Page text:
WITH so many women having their pubic hair permanently removed by laser light, one Newcastle creative has been left wondering what would happen if unruly strands from the nether regions suddenly came back into vogue.
Marlene Houston is a sculptor whose work focuses on the human form. Much of her art-making has highlighted human rights issues.
“I’d get cranky about things and make something from the human form that represented what I was cranky about,” Houston said.
“But I have had a this breakthrough, I’m still interested in the human form, but I’m going with the flow, rather than trying to make a statement.”
While Houston continues to explore “the flow” she is also working on a side project, through which she has created 18 merkins.
A merkin is an artificial covering for the pubic area.
“The merkins are about my knowledge that women laser their pubic hair off,” Houston said.
“And where that imagery comes from? I believe it is driven by the porn industry. It can make women look pubescent, and the ramifications for that.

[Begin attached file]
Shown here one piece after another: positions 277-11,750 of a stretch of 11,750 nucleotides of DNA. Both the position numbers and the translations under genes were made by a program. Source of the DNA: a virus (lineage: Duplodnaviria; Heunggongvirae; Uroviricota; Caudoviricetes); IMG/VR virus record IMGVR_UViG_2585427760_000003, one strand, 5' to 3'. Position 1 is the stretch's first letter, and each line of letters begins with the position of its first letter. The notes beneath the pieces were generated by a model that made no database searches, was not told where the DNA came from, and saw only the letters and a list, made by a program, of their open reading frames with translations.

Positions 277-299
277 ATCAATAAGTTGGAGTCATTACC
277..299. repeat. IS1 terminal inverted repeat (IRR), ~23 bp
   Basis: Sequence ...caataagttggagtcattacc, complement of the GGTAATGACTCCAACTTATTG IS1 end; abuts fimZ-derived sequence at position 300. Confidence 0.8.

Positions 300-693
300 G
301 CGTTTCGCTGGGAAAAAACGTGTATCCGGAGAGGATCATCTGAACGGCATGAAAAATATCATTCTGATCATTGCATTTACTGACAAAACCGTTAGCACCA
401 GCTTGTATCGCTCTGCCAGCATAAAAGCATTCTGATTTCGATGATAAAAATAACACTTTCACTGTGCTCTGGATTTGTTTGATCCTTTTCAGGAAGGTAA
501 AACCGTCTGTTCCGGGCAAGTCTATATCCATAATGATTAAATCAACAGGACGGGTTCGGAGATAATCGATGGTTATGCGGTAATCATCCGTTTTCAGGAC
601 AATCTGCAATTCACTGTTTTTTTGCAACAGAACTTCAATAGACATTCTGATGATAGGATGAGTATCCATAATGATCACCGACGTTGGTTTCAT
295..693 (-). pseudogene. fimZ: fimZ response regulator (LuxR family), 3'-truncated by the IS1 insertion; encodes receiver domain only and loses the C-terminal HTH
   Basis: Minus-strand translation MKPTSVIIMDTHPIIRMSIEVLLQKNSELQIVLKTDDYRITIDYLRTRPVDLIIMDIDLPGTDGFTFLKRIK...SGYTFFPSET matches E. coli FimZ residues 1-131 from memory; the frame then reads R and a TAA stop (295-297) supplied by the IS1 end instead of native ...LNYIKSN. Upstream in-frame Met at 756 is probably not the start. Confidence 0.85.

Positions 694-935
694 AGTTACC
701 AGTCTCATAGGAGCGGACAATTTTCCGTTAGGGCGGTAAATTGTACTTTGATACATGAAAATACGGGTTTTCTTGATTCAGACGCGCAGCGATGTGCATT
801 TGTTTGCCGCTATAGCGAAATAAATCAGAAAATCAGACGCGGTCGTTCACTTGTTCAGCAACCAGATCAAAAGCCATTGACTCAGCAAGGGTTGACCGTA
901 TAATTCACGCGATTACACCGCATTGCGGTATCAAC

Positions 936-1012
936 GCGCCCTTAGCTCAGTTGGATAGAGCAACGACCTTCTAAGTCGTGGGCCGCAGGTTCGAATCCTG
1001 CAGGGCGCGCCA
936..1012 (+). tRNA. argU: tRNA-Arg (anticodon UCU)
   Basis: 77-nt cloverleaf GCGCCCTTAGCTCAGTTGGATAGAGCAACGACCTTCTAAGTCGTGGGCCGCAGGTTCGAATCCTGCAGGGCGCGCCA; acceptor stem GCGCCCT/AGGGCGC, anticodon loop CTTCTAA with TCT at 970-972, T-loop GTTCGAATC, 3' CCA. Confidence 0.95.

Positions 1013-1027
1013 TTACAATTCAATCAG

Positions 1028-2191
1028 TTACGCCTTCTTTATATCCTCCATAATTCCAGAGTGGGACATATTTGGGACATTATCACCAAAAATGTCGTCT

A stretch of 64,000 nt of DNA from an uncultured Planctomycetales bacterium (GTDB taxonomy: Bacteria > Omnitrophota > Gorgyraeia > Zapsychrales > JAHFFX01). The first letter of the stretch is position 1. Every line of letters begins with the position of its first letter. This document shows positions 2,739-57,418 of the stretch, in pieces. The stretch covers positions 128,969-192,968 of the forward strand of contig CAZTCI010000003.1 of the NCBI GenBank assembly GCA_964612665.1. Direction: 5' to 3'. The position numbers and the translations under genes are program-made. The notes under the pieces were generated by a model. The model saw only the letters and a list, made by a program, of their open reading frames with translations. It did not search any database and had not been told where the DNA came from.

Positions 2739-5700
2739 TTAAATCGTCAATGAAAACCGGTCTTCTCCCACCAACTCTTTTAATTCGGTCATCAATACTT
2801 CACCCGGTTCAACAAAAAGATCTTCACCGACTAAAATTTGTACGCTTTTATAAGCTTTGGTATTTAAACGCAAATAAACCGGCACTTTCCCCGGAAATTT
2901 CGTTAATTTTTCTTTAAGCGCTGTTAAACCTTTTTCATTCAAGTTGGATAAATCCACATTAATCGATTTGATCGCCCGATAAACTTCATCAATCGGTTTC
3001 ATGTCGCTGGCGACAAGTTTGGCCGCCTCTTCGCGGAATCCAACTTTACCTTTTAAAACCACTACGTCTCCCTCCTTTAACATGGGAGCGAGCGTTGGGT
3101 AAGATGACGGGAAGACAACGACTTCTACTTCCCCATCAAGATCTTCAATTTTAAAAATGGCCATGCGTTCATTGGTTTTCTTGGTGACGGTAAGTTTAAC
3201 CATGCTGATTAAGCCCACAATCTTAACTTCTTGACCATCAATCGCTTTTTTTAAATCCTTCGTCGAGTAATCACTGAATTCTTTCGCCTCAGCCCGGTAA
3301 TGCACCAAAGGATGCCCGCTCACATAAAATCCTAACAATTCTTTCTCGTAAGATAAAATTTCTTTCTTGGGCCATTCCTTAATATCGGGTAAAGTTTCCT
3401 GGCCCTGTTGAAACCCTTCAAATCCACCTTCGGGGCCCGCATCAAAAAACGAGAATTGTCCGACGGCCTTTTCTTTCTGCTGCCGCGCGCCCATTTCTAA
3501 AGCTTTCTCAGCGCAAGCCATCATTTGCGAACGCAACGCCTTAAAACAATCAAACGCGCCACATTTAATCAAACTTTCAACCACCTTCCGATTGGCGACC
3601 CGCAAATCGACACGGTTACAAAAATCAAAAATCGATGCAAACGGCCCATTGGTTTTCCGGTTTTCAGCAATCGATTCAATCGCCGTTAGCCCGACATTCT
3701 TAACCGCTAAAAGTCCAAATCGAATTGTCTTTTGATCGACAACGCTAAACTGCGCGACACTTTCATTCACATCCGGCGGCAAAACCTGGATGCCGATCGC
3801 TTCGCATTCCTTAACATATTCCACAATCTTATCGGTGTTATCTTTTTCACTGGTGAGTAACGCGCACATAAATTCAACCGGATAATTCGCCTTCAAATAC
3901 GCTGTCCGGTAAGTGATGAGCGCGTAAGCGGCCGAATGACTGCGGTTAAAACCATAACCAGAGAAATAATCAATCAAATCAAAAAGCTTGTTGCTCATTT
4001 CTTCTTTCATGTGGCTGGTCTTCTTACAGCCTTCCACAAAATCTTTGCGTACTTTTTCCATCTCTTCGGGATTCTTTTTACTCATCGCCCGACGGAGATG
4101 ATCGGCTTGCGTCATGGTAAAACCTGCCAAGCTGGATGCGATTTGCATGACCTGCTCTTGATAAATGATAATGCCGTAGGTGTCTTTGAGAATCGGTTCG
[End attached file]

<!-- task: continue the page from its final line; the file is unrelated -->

“But on the flip-side, women can look however they want.”
Houston’s merkins include the gherkin merkin, the disco merkin, the magnetic merkin and the man-bun merkin. She expects to exhibit the merkins in 2019.
Houston likes to experiment with a wide array of materials.
“I love pouring metal, I love modelling in wax and Plasticine. I love to be able to feel the material, it’s so tactile,” Houston said. “I love the raw power of the foundry. I love carving wood, because it’s so methodical.”
Houston spent 30 years working as a hairdresser before this year deciding the give her career the snip to focus on full-time art making.
She has studied fine art at Newcastle Art School, where she won her spot by presenting a portfolio of “sculpted hair designs.”
She has also completed a Bachelor of Fine Arts at the University of Newcastle.
She has a studio at the Creator Incubator.